We first evaluated the association between variables measured at baseline and SBP measured on the last visit, with multiple regression analyses. As expected, age, BMI, and MAP were independently associated with higher SBP on the last visit (Table 2); in addition, PWV was also independently associated with higher SBP on the last visit, and explained 4% of its variance. Next, we took advantage of the repeated measurements of BP at each follow-up visit to characterize the longitudinal changes in SBP over time in our cohort. Using linear mixed-effects regression models, we evaluated the predictors of the longitudinal changes in SBP. In these models, a statistically significant interaction term between time and a predictor variable indicates that the longitudinal changes in SBP are influenced by this variable. As shown in Table 3, age, BMI, and MAP (p = 0.09, p = 0.009, p < 0.0001 respectively for the interaction terms with time) were predictors of the longitudinal changes in SBP. In addition, PWV was also an independent predictor of the longitudinal increase in SBP (p = 0.003 for the interaction term with time). The contribution of PWV to the mixed effects models was evaluated by comparing models that included and excluded PWV: after adjusting for the other covariates in the model, PWV accounted for 16% of the variance in the longitudinal changes in SBP (20). Of note, the main effect of PWV was statistically significant (p = 0.006) when the model was run without the interaction term between PWV and time.
Figure 1 provides an example that illustrates the effects of PWV on the predicted longitudinal increase in SBP. When stratified according to age-decade-specific quartiles of PWV, a 40-year-old man whose PWV is in the highest quartile has, on average, a higher SBP at baseline than a 40-year-old man whose PWV is in the lowest quartile (120 mm Hg vs. 111 mm Hg), and an accelerated increase in SBP over the ensuing 10 years (11 mm Hg vs. 5 mm Hg) (Fig. 1A). Similarly, a 70-year-old man whose PWV is in the highest quartile has, on average, a higher SBP at baseline than a 70-year-old man whose PWV is in the lowest quartile (138 mm Hg vs. 128 mm Hg), and an accelerated increase in SBP over the ensuing 10 years (17 mm Hg vs. 11 mm Hg) (Fig. 1B).
PWV and longitudinal PP
Using mixed-effects linear regression models, we also evaluated the determinants of the longitudinal changes in PP. In the overall cohort, only age was an independent predictor of the longitudinal increase in PP (p < 0.0001 for the interaction term with time), whereas PWV was only a determinant of higher PP (p = 0.03), but not of longitudinal changes in PP (Online Table 1). This is likely related to accelerated increases in DBP among younger individuals with higher PWV (data not shown), which balance the longitudinal increases in SBP. Indeed, when the analyses were repeated after stratifying the cohort into tertiles of age, PWV was an independent predictor of the longitudinal increase in PP (p = 0.04 for the interaction term with time) among individuals over the age of 60 years (highest tertile) (Online Table 2).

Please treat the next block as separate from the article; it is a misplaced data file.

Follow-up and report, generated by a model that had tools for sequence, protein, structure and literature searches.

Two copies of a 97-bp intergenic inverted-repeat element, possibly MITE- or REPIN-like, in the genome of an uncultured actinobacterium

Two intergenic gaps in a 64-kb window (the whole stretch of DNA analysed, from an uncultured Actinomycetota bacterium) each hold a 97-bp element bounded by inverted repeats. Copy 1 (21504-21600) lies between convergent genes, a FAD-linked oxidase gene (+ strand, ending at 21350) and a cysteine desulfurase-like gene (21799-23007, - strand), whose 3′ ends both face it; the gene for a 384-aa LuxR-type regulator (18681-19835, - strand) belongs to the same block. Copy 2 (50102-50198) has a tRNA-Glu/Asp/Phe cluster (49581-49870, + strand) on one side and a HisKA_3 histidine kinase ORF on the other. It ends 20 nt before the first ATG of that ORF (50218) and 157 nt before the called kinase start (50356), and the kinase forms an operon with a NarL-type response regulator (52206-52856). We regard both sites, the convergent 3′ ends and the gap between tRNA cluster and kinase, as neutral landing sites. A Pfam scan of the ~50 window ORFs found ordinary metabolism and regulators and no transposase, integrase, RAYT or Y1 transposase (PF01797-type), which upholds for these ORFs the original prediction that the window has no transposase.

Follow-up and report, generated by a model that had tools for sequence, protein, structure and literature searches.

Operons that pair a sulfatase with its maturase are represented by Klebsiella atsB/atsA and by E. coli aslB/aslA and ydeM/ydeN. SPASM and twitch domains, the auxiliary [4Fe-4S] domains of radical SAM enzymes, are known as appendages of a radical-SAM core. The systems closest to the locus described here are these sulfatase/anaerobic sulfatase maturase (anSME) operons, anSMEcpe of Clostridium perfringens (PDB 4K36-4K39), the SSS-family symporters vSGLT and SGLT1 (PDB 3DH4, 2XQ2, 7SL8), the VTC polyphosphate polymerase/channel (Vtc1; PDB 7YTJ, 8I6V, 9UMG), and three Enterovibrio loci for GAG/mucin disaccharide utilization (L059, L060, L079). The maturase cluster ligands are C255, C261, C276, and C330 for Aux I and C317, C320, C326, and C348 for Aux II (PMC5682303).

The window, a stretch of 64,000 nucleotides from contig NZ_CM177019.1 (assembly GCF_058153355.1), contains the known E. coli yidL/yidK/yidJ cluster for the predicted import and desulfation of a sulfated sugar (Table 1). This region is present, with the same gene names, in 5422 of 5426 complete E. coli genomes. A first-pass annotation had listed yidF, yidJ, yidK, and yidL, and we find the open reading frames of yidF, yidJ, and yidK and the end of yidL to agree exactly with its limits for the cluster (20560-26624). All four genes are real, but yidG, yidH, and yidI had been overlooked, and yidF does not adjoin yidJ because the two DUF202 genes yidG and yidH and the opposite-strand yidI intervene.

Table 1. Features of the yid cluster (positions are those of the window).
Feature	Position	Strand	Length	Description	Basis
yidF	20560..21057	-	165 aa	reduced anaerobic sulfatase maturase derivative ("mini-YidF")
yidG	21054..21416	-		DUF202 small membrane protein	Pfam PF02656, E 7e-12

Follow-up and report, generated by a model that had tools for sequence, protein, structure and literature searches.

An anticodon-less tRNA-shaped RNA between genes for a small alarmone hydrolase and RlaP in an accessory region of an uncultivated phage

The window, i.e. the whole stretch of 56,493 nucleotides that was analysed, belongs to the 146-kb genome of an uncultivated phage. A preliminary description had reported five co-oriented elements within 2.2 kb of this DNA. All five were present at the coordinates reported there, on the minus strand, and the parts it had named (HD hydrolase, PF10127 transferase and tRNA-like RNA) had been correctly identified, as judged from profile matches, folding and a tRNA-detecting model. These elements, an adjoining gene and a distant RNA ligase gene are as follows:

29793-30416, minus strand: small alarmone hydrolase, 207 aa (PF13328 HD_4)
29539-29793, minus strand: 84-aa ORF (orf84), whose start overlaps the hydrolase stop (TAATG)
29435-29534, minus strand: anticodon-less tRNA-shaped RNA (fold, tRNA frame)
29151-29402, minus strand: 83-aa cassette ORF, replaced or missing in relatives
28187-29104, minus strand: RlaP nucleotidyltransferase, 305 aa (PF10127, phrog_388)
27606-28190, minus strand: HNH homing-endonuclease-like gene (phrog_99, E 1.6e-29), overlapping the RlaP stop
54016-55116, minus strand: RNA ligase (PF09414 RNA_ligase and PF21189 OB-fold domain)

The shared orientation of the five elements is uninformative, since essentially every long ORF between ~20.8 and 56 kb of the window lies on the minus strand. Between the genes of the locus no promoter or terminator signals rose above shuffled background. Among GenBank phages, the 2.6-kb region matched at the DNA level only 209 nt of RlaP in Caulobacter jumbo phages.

PWV as a predictor of incident hypertension
Because PWV was an independent determinant of the longitudinal increase in SBP, we next evaluated whether PWV could also predict the future development of HTN among the 306 individuals from our cohort who were normotensive at the baseline visit, during which PWV was assessed. Over a median follow-up of 4.3 years (mean 4.7 ± 2.5 years, range 2 to 12 years), HTN developed in 105 (34%). Of note, unlike the preceding set of analyses, censoring was not performed on the visit preceding the one with medication.
The baseline characteristics of the subjects who remained normotensive during follow-up versus those in whom hypertension developed, stratified according to median follow-up duration, are shown in Table 4. The predictors of incident HTN were evaluated with stepwise Cox models, in which age and baseline SBP were forced into the models. In the group with shorter follow-up duration, no other variable was significant when added to the model. In contrast, in the group with follow-up duration greater than the median (in which all subjects remained normotensive for the first 4.3 years), beyond age (hazard ratio [HR] 1.02 per 1 year, 95% confidence interval [CI] 0.99 to 1.04, p = 0.2) and SBP (HR 1.05 per 1 mm Hg, 95% CI 1.01 to 1.09, p = 0.006), both HDL (HR 0.96 per 1 mg/dl, 95% CI 0.93 to 0.99, p = 0.02) and PWV (HR 1.10 per 1 m/s, 95% CI 1.00 to 1.30, p = 0.03) (Fig. 2) were independent predictors of incident HTN.
The main findings of this study are that PWV, a marker of central arterial stiffening, is an independent determinant of longitudinal SBP increase in healthy BLSA volunteers, and an independent risk factor for incident hypertension among normotensive subjects followed up for longer than 4 years.
Arterial stiffness as a predictor of HTN
At least 2 prior studies have identified indices of central arterial stiffness that predicted future HTN in normotensive community-based samples. Liao et al. (21) previously showed that in normotensive middle-aged (45 to 64 years) participants in the Atherosclerosis Risk in Communities (ARIC) Study, indexes of carotid arterial elasticity were independent predictors of future HTN over a 6-year mean follow-up. Similarly, Dernellis and Panaretou (22) showed that echocardiographic indexes of aortic stiffness were independent predictors of incident HTN in normotensive subjects across a broad age span (35 to 94 years) who were followed up for 4 years.